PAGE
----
Expulsion is the only remedy: Insurrectionists in Congress must be rooted out

Republicans in Congress have doubled down on Trump's attempted coup. If we tolerate that, it will happen again

Published February 9, 2021 6:00AM (EST)

Ted Cruz, Josh Hawley, Mo Brooks and Marjorie Taylor Greene (Photo illustration by Salon/Getty Images)
Ted Cruz, Josh Hawley, Mo Brooks and Marjorie Taylor Greene (Photo illustration by Salon/Getty Images)

"We fight like hell and if you don't fight like hell, you're not going to have a country anymore."  

These were the words of then-President Donald Trump as he addressed a large, hostile crowd in front of the White House on Jan. 6, 2021.

It has now been more than a month since Trump and his congressional allies incited and supported the insurrection against our country's democracy. It was an attempt by a mob of violent seditionists to attack the Capitol and stop Congress from affirming the Electoral College victory of Joe Biden. This was planned and orchestrated by the sitting president with the hope that he could remain in power against the will of the people. Five people died. Dozens of police officers were injured. Vice President Mike Pence and Speaker of the House Nancy Pelosi were in grave danger of being seized and murdered. It was an unimaginable and indescribable scene of terror. Many of the insurrectionists had tactical gear and communications equipment. They roamed the halls with zip ties hunting for Pence and Pelosi. They built gallows and chanted death threats. They beat a police officer with a pole bearing the U.S. flag.  And let us not forget that President Trump chose not to intervene when the violence began. With the resources at his disposal, he easily and rapidly could have. 

Never in our 245-year history has our democracy been actively sabotaged by a sitting president and his congressional sycophants. The events of Jan. 6, 2021 will be highlighted in all history books going forward. The insurrection of our election will never be forgotten. Its significance is on par with Sept. 11, 2001, and Dec. 7, 1941 (Pearl Harbor Day). 

Donald Trump was quickly impeached — for the second time — for his incitement of this insurrection. At this writing, he is about to stand trial in the Senate. He is refusing to testify. Trump's behavior in the insurrection is easily explained by his psychopathic personality and his unrelenting desire to remain in power, despite losing both the popular vote (for a second time) and the Electoral College vote. Those of us who are mental health professionals predicted his pathological and violent response to his election defeat. No one should be surprised by the depth of his crass, repugnant and anti-democratic behavior. After all, everything is about Trump — the welfare of the country and its people be damned.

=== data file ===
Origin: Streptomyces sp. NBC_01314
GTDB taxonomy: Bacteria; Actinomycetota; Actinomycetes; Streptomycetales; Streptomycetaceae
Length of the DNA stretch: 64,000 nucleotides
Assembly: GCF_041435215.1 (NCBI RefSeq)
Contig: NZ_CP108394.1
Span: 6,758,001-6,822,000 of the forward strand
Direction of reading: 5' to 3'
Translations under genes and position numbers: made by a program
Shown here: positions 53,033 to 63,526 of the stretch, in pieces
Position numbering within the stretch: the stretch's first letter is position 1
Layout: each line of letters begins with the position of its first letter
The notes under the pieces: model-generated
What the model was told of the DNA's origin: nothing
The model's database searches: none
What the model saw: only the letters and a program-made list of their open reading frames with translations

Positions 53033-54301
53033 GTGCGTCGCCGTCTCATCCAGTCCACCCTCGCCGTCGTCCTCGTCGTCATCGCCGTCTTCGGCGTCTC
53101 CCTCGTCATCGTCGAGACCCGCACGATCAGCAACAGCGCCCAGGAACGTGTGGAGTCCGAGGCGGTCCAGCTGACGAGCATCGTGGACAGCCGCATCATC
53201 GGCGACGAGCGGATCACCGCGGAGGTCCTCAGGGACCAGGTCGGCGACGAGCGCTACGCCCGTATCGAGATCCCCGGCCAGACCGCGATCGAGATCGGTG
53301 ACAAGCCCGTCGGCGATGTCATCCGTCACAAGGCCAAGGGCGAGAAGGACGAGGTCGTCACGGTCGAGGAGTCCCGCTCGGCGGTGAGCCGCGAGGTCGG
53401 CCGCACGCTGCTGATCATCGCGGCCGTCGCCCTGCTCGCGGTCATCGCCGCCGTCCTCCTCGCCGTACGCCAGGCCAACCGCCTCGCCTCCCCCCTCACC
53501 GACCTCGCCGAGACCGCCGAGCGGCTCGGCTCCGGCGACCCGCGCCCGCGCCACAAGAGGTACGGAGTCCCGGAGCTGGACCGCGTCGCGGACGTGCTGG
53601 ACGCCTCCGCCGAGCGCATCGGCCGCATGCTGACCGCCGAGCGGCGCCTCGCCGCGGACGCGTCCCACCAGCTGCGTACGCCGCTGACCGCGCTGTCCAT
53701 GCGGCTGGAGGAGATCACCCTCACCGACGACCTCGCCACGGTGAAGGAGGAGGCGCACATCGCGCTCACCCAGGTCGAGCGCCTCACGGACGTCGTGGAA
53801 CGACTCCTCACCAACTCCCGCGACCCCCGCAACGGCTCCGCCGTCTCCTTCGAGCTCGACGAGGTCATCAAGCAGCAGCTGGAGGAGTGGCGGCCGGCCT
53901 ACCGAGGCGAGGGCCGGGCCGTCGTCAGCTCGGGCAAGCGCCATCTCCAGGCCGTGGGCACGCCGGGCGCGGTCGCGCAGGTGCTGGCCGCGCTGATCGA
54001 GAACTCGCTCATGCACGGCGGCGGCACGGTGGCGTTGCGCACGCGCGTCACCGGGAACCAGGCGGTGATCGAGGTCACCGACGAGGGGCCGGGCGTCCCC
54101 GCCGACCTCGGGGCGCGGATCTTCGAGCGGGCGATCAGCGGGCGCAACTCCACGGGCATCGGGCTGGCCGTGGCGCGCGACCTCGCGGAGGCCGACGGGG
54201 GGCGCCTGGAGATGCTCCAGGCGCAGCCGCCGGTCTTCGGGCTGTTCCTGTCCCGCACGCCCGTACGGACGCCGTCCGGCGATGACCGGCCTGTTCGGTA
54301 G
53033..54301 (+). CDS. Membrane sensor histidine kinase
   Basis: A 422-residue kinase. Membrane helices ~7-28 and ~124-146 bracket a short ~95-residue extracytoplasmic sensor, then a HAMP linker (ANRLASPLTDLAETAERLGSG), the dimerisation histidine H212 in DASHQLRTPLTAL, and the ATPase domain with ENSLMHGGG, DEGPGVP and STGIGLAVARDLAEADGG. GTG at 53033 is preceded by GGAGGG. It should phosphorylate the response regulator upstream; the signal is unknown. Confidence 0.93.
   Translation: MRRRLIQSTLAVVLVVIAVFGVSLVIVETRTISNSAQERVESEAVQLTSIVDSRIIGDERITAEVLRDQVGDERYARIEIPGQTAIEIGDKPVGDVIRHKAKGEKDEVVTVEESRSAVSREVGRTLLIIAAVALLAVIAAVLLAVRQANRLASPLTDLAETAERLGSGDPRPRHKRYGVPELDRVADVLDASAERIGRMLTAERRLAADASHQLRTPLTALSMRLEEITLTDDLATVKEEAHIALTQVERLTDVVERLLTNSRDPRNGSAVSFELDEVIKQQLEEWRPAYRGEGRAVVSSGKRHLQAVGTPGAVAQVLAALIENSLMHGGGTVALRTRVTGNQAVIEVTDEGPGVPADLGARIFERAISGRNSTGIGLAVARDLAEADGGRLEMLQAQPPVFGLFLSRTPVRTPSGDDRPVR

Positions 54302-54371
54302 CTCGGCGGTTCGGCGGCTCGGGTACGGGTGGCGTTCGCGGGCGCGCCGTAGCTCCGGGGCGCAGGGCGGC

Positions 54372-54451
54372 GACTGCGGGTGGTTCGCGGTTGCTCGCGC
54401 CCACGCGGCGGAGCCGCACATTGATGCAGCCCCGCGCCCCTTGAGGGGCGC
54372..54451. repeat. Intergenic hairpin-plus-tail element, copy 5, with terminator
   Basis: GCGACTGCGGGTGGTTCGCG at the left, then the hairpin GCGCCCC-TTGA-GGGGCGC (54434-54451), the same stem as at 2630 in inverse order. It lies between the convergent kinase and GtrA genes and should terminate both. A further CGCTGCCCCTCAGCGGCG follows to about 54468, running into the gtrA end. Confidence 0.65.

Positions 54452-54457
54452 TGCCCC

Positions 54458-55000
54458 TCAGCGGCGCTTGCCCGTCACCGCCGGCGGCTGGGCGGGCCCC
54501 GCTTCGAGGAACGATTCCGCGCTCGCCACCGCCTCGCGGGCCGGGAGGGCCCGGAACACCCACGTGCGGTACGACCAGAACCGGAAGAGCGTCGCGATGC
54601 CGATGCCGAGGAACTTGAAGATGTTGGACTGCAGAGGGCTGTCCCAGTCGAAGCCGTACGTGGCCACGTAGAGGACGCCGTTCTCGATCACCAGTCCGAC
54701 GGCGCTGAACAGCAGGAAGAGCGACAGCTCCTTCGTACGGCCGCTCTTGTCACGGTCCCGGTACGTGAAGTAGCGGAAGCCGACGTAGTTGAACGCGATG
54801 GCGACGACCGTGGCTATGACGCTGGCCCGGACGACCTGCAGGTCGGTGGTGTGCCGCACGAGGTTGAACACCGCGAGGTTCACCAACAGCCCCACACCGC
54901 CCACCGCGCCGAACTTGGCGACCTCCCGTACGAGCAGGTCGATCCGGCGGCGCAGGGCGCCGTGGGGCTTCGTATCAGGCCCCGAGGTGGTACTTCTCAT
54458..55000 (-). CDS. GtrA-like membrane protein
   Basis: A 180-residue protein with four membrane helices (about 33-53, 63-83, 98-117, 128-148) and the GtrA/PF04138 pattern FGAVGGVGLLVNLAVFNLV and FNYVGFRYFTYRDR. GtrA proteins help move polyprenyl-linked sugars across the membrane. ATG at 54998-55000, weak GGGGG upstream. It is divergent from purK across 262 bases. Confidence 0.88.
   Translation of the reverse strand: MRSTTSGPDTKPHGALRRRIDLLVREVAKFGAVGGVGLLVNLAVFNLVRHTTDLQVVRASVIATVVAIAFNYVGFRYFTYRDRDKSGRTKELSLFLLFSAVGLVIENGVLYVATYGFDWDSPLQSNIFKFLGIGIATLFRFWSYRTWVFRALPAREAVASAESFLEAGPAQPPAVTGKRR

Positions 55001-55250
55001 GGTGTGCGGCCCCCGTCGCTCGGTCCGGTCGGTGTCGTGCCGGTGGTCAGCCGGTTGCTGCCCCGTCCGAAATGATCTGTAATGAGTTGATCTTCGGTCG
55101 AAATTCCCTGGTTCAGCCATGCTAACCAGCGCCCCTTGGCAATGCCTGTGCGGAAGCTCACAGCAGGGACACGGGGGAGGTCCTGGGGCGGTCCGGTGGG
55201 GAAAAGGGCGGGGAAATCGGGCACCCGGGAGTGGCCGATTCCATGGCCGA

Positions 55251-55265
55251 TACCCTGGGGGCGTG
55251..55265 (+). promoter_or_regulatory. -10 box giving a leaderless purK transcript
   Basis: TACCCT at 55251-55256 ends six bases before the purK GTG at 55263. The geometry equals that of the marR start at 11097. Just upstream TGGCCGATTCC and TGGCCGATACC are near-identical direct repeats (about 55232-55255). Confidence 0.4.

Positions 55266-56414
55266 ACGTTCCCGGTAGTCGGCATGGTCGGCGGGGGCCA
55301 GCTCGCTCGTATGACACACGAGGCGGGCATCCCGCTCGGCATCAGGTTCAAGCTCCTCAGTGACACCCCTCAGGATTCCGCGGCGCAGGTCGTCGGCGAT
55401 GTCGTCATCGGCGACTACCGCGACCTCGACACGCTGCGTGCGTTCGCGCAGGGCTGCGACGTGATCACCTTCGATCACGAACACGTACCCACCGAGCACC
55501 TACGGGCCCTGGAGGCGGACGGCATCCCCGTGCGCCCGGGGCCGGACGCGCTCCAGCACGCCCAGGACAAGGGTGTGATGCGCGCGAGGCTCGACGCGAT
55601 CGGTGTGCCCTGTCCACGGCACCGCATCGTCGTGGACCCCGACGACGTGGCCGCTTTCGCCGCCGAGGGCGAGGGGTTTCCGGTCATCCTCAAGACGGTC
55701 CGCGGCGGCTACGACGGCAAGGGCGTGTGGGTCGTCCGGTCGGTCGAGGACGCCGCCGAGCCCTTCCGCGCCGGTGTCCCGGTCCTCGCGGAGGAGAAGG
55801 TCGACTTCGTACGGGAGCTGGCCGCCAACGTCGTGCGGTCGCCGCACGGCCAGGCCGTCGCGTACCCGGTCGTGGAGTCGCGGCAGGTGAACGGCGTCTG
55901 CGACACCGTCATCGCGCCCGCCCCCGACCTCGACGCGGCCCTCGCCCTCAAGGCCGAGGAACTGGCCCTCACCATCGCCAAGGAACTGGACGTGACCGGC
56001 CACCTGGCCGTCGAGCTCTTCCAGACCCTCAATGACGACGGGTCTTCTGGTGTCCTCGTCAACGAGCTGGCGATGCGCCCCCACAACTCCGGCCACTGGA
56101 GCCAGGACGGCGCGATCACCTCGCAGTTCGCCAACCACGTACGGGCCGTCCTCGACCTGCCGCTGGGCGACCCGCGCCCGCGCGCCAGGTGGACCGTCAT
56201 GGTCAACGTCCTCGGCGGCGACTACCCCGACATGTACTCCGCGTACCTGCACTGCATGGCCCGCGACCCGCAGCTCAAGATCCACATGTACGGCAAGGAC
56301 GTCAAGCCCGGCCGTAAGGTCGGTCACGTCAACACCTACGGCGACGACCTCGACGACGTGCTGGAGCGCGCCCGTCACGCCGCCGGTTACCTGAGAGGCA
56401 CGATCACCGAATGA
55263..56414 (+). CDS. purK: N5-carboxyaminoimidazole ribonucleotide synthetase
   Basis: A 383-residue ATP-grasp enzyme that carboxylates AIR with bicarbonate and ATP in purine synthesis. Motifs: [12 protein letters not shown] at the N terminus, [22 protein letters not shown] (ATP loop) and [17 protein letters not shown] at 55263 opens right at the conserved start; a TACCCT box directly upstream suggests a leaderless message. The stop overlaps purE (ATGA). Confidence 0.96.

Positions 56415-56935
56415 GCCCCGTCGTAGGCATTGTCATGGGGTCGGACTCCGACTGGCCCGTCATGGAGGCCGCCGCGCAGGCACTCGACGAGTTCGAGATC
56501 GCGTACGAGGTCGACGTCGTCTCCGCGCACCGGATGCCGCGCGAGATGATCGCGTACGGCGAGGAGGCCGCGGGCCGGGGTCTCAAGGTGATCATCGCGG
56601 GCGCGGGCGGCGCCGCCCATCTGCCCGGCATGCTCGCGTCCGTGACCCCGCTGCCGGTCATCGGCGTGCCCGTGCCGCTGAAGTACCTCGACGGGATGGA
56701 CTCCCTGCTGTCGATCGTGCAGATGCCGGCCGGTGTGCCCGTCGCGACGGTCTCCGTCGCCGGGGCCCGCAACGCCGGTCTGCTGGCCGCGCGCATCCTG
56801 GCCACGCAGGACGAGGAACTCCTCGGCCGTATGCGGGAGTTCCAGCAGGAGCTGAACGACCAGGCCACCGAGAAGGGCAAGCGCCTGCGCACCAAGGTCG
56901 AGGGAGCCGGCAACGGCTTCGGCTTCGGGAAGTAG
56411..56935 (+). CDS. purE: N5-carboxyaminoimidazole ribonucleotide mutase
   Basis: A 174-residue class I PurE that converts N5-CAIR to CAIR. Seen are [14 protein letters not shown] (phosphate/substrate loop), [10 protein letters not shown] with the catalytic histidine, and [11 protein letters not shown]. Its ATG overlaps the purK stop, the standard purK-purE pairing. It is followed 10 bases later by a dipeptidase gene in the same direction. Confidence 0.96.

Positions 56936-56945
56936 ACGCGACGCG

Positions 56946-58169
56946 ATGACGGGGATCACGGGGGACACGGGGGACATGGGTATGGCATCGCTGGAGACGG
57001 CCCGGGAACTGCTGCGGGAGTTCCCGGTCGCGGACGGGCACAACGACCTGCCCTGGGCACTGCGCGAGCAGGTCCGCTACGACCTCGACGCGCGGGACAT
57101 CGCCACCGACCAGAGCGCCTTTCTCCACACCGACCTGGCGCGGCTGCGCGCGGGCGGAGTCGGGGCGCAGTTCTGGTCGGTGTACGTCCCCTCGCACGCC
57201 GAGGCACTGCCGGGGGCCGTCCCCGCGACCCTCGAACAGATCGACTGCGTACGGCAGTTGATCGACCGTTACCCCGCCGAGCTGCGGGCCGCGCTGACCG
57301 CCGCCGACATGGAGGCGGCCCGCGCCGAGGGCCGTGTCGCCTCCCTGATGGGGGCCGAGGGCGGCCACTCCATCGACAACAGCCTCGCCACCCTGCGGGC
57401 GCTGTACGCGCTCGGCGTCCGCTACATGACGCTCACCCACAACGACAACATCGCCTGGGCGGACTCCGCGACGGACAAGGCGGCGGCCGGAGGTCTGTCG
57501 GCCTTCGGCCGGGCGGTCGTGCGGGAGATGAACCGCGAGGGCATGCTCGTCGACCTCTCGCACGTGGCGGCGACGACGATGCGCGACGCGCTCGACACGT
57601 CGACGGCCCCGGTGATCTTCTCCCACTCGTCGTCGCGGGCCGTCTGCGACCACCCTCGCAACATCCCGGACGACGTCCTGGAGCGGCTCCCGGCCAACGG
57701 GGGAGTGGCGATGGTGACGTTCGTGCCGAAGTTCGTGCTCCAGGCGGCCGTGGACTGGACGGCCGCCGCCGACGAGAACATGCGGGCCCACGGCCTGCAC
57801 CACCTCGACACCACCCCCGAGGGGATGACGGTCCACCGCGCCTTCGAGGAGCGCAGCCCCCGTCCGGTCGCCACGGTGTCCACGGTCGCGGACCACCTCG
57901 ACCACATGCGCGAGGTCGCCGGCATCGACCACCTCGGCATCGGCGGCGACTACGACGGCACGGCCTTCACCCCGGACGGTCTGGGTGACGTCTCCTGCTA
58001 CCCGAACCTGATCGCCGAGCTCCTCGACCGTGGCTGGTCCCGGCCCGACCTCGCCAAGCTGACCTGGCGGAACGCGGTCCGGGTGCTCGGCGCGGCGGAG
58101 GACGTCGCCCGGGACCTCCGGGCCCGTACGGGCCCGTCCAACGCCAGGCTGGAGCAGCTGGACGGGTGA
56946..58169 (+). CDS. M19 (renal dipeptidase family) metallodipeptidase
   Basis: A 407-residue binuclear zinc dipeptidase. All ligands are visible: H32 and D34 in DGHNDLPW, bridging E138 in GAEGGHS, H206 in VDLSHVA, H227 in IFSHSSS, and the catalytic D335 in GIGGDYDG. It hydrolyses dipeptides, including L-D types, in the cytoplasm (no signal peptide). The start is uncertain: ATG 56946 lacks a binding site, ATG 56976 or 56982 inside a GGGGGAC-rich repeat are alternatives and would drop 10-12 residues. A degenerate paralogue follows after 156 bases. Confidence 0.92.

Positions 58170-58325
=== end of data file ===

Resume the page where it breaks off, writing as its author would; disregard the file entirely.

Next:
The Republican Party has been complicit with Trump for four years and counting. It has enabledhis quest to obtain absolute authority, politicize the Justice Department in his behalf, grift the American people and break norms, rules and laws with impunity. Republicans have been walking side-by-side with Trump every step of the way during his march to transform democracy into his own brand of authoritarianism. The insurrection was to be Trump's final accomplishment in his mission. He failed — but it was a close call. It was a bungled coup attempt that matched the ineptness of his past four years in office. A more intelligent and capable man might have pulled it off.

It is unlikely that Republican senators will have the insight and courage to convict Trump during his impeachment trial. Their complicity will continue. Their support of Trump's insurrection is crystal clear. They have tried to distract us by saying we must "move on."  They want us to deny the objective reality of their full-throated endorsement of Trump's self-serving conspiracy theories that the election was stolen from him.

Congressional Republicans who supported Trump's overthrow of the democratic election must be rooted out. On the morning of the Capitol attack, Rep. Lauren Boebert of Colorado tweeted, "Today is 1776."